Possible revisions could include requiring participants to describe the nature of their entry when applying, to adhere to the parade theme, and to accept a specific location in the parade lineup.


NOFD contemplates firing chief

Many North Okaloosa Fire District firefighters and volunteers came to Chief Ed Cutler’s side after his removal from office was suggested by NOFD board of commissioners members at a monthly meeting last summer.

Some commissioners questioned Cutler’s handling of the department. After much discussion at a September meeting, both Cutler and the commissioners agreed that communication between the two sides needed improvement.

The tabled item of Cutler’s removal has since been removed from the commissioners’ agenda.

Widening study tempts P.J. Adams Parkway users

Residents in neighborhoods served by P.J. Adams Parkway in south Crestview had their hopes raised by the appearance of surveying crews for widening of the busy thoroughfare.

However, the widening project’s survey and preliminary design phases were the only funded components of what is expected to be a $100 million project.

“This is pie in the sky,” Okaloosa County Commissioner Wayne Harris said. “There is no money for this. This is a 2030 schedule and this is a PD and E (project development and environmental study) only, and it’s only good for five years.”

“The bottom line is, it’s a $100 million project,” Okaloosa County Public Works Director John Hofstad said. “Typically, my budget is around $10 million a year and that covers anything in a 1,000-square-mile county. It is going to take partnerships on the state and federal level to make it (widening P.J. Adams) happen.”

Laurel Hill Schoolhigh-schoolers receive iPads

As the digital age rapidly changes the way teachers teach and students learn, Laurel Hill School high school students each received a district-issued iPad at the start of the school year.

“We got the announcement last spring,” Principal Susan Lowery-Sexton said. “It’s going to be a historic redesign of the way we’ve been teaching and learning. We’re going to be in the forefront of education here at l’il old Laurel Hill School.”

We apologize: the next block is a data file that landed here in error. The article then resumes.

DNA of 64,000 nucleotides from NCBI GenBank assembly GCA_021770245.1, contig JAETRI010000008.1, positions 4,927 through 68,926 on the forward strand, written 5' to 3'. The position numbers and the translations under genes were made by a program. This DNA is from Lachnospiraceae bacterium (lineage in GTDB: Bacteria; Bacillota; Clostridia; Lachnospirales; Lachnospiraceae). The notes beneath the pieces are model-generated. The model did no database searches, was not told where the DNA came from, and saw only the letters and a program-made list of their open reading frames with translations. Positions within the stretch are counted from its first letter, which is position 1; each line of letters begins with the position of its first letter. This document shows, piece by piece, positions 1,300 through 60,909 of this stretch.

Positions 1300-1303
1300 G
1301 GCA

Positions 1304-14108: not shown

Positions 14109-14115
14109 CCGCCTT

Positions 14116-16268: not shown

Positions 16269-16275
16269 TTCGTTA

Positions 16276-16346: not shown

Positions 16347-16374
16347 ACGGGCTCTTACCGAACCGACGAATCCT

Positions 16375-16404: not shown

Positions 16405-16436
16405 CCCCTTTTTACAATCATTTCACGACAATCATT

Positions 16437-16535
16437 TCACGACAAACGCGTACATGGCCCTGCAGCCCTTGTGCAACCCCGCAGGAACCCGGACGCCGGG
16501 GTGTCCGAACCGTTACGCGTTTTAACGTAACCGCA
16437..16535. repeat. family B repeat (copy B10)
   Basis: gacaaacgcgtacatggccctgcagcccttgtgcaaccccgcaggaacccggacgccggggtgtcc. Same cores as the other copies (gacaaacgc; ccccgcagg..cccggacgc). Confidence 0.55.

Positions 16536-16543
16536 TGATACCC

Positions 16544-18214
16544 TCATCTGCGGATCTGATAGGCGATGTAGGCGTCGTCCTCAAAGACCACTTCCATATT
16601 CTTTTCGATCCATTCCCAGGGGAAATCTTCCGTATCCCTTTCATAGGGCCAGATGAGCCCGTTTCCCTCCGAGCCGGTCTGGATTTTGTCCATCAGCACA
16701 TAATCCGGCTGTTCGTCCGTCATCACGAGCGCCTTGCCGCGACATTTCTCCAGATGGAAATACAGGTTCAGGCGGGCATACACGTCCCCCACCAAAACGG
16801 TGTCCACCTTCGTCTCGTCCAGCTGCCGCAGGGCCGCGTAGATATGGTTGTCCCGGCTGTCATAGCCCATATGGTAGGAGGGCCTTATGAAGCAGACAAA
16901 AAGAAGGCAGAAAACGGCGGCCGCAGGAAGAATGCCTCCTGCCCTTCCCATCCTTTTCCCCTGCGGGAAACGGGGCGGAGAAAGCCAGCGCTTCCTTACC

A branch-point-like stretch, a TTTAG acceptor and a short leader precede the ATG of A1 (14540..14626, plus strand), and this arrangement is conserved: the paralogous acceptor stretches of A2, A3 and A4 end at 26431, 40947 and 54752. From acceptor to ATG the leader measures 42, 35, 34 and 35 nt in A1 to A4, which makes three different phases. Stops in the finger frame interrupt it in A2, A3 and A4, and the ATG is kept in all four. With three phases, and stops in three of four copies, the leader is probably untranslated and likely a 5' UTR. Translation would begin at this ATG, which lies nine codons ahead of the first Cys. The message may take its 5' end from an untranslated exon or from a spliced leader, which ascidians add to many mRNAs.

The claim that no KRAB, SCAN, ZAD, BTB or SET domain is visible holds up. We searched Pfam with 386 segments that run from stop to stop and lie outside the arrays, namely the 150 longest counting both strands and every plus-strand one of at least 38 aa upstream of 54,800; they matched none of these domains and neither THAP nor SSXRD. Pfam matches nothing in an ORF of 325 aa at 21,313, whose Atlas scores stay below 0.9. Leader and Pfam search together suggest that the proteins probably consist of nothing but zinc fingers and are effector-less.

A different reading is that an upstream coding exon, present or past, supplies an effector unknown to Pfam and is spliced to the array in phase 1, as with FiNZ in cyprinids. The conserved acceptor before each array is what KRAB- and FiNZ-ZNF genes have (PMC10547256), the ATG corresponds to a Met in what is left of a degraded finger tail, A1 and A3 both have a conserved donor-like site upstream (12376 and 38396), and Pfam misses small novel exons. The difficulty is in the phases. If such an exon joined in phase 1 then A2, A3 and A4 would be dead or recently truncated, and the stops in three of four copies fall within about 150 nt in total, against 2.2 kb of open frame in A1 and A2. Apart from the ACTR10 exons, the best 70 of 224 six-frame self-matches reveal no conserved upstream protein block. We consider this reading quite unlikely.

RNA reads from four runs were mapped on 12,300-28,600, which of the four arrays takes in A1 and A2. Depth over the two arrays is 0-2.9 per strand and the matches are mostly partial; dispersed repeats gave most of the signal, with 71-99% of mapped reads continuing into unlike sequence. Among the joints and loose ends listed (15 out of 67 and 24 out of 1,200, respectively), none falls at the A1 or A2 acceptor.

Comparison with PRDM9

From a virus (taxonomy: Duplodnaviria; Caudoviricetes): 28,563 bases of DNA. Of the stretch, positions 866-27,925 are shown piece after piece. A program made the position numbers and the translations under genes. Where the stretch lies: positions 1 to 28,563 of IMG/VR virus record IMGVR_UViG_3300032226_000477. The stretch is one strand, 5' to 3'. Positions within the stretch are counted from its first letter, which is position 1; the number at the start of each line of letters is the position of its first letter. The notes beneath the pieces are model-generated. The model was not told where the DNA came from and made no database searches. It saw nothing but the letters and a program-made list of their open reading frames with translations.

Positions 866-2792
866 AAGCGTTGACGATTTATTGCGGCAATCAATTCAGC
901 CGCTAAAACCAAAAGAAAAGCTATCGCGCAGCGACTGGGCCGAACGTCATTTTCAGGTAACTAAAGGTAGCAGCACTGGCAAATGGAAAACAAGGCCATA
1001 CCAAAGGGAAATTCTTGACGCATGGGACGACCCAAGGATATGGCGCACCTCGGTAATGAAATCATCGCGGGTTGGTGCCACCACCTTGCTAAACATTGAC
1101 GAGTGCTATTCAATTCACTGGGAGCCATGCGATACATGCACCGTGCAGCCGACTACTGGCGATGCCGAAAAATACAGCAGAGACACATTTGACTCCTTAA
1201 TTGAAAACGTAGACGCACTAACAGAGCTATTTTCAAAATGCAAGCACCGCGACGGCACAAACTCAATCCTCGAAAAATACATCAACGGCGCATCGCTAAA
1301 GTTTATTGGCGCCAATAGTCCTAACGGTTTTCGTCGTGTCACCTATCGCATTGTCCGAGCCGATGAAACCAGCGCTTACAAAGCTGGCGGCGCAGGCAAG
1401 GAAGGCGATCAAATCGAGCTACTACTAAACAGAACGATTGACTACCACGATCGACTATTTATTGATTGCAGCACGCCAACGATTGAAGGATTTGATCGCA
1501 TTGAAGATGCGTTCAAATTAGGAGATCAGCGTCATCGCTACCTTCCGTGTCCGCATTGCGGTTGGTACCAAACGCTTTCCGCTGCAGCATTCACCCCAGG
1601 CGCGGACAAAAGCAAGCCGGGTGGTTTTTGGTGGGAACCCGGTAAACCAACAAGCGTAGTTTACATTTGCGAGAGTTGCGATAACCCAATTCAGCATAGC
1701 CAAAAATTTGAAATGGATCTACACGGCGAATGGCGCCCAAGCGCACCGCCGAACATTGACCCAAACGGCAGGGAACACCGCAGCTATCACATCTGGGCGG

Teachers — who received district-issued Apple iPads before the spring semester’s end —have been learning how to incorporate the computer tablets into their curriculum. Teachers who are new to the devices said they have also received plenty of practical help from their students.

“We’ll have to try to get technical with our teachers here,” sophomore Bridget Zessin agreed. “They’re not so familiar with it.”

Crestview welcomes contingent from sister city

A delegation of 36, including 21 students, from Noirmoutier, France, Crestview’s sister city, arrived at the end of October for a two-week stay. The visitors stayed with local host families, including those of Crestview High School students.

Local officials and members of the Crestview Sister City organization praised the exchange’s success, noting that in addition to cultural and educational opportunities for locals, the visitors shopped at local stores and ate at local restaurants, adding a business benefit to the relationship.

Response from France was equally positive.

“This was one of our best experiences,” Noirmoutier sister city committee vice president Gérard Moreau said. “The students, they did not want to leave Crestview.”

Working with the Crestview Area Chamber of Commerce, visiting University of Nantes faculty members took preliminary steps to establish student internship exchanges between the two communities.

Crestview residents have been invited to attend a June 2013 commemoration of World War II liberators whose B-17 bomber that crash-landed off the island’s coast.

Region gets further representation on county commission

Applause, backslaps, hugs and a heartfelt prayer rose from the Main Street offices of attorney Nathan D. Boyles as final election results came over the radio Aug. 14.

A candidate for county commissioner, Boyles handily won his first bid for public office with a landslide vote, trouncing his closest competitor by nearly 3,000 votes.

The youngest candidate of four, Boyles, 29, impressed many voters and supporters by his youthful enthusiasm tempered by a keen grasp of hot-button north county issues.

“He is wise beyond his years,” Amy Linares, marketing development executive for Peoples Home Health, said.

Boyles’ election adds the first Crestview-area member of the Okaloosa Board of County Commissioners from District 3 since Ronald Reagan was president and Sam Brunson was elected in 1988.

He joined Commissioner Wayne Harris in representing north county residents.

Contact News Bulletin Staff Writers Brian Hughes and Matthew Brown at 850-682-6524 or and
Follow them on Twitter @cnbBrian and @cnbMatthew.